My group climbed Rainier the same day Steve Larson did. Sunny and warm day hiking up Muir. Set up camp and then the snow/thunder/lightning came in. We left our tents at 4am and made it up to 13,300 feet before calling it off in white out conditions with no other groups above the cleaver. I'm very pleased with the trip...climbing in those conditions was tough, but I learned a lot and had a great time.
We (me and Dave Smith) originally planned on doing Liberty Ridge. Then the Park Service informed us that the road wouldn't be open. So we headed for the south side, intending on going up the Gibralter Ledges. After a beautiful day strolling up to Camp Muir we watched the clouds roll in. Then it started to snow. Then the lightening and thunder show. Then more snow. After not sleeping much it was time to either get up and do something or go back down. 3-4" of new snow meant we wouldn't be doing the ledges, so we decided to follow the pack up the DC. It kept snowing, and the wind started picking up in earnest. By the time Dave and I got onto the cleaver we decided it was time to pack it in. It would have been nice to get to the top, but Rainier is such a spectacular place that neither of us minded turning around.
Two friends on mine teamed up with me for this gem on our Pacific NW tour. Hiked up to 7600 on the muir snowfield for the first night. Second day we went up to Camp Muir and talked to some rangers about the insanely warm weather and conditions. Started at 10:30 pm that day, summited around 7 am in wind that must have been 70+ mph. No visibility on the summit and had to crawl out way up but we got there. Back down by 10, lots of crevasses opening up on the flats, however the cleaver was doing well.
My buddy and I were visiting Seattle and we planned on hiking Rainier. We underestimated how far of a drive from Seattle the trailhead for Rainier actually is, and didn't start our hike until after 11 (also, the fact we were both 21, meant we had probably enjoyed too many microbrews the nights before). My friend had a fancy digital SLR camera and stopped to take many pictures, which slowed our pace down tremendously. We almost became discouraged on the final snow field up to Camp Muir, but saw two women, who had made better time than us, heading back down the mountain. We sucked it up and made the rest of the journey. We stopped at Muir. I am much more prepared for hikes nowadays, but I was very proud of the accomplishment at the time. I would like to go back to attempt the summit.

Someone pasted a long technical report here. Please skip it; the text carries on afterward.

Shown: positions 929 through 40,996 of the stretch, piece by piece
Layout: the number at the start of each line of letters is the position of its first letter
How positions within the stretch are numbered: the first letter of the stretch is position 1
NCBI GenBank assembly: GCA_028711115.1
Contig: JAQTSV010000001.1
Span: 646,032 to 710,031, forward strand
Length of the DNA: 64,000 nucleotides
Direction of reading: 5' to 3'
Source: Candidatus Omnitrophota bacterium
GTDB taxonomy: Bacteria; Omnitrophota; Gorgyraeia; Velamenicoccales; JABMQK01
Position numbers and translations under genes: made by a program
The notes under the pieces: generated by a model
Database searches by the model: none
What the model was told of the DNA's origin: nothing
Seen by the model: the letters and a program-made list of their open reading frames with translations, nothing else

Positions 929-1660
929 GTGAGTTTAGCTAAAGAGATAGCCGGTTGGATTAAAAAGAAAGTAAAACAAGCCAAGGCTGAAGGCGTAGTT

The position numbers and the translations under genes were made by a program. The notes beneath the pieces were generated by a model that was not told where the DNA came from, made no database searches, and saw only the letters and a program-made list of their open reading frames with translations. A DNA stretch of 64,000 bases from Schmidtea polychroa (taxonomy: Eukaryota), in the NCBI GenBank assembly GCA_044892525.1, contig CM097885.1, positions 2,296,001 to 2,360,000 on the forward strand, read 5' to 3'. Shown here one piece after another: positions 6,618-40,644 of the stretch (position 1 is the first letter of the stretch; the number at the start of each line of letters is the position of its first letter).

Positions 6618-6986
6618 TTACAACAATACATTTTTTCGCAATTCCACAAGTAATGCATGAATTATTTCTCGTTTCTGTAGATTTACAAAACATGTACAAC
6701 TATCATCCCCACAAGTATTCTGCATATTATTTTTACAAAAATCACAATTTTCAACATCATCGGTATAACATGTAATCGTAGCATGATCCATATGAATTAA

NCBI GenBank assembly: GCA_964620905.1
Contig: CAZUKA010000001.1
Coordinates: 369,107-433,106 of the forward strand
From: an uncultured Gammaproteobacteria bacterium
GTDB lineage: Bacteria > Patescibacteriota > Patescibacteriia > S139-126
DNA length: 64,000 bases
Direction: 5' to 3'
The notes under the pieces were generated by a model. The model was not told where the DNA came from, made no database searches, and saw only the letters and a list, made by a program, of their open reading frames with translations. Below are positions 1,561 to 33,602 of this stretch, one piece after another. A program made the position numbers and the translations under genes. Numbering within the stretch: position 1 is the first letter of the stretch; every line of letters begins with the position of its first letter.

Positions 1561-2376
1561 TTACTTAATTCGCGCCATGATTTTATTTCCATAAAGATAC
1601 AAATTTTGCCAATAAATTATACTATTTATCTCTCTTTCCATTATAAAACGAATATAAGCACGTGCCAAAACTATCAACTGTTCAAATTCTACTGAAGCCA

Climbed with two of my best friends from Seattle (Everest summiteer's.) After getting picked up at SEATAC we drove to the Mountain; spent night & next day to Muir. Easy carry to the Flats the next day with a midnight departure on summit day. Perfect conditions and only about 20 knots of wind on the summit. A great climb (finally!) I tried to climb this thing several times when I lived out there, but was swatted every time.
Made it to the top just in time for sunset with RMI group. Very tough but worth it!
Myself along with 3 other climbers and two guides from AAI made a winter attempt on the Muir route. We were stopped by heavy snow fall, very cold teamputures and high winds. Avalanche conditions we also dangerous. I was caught in a small slide that buried myself and one of our guides up to our waists.
The attempt was part of a 8 day Denali Prep/Winter Mountaineering course in preparation for my May 2008 attempt on McKinley.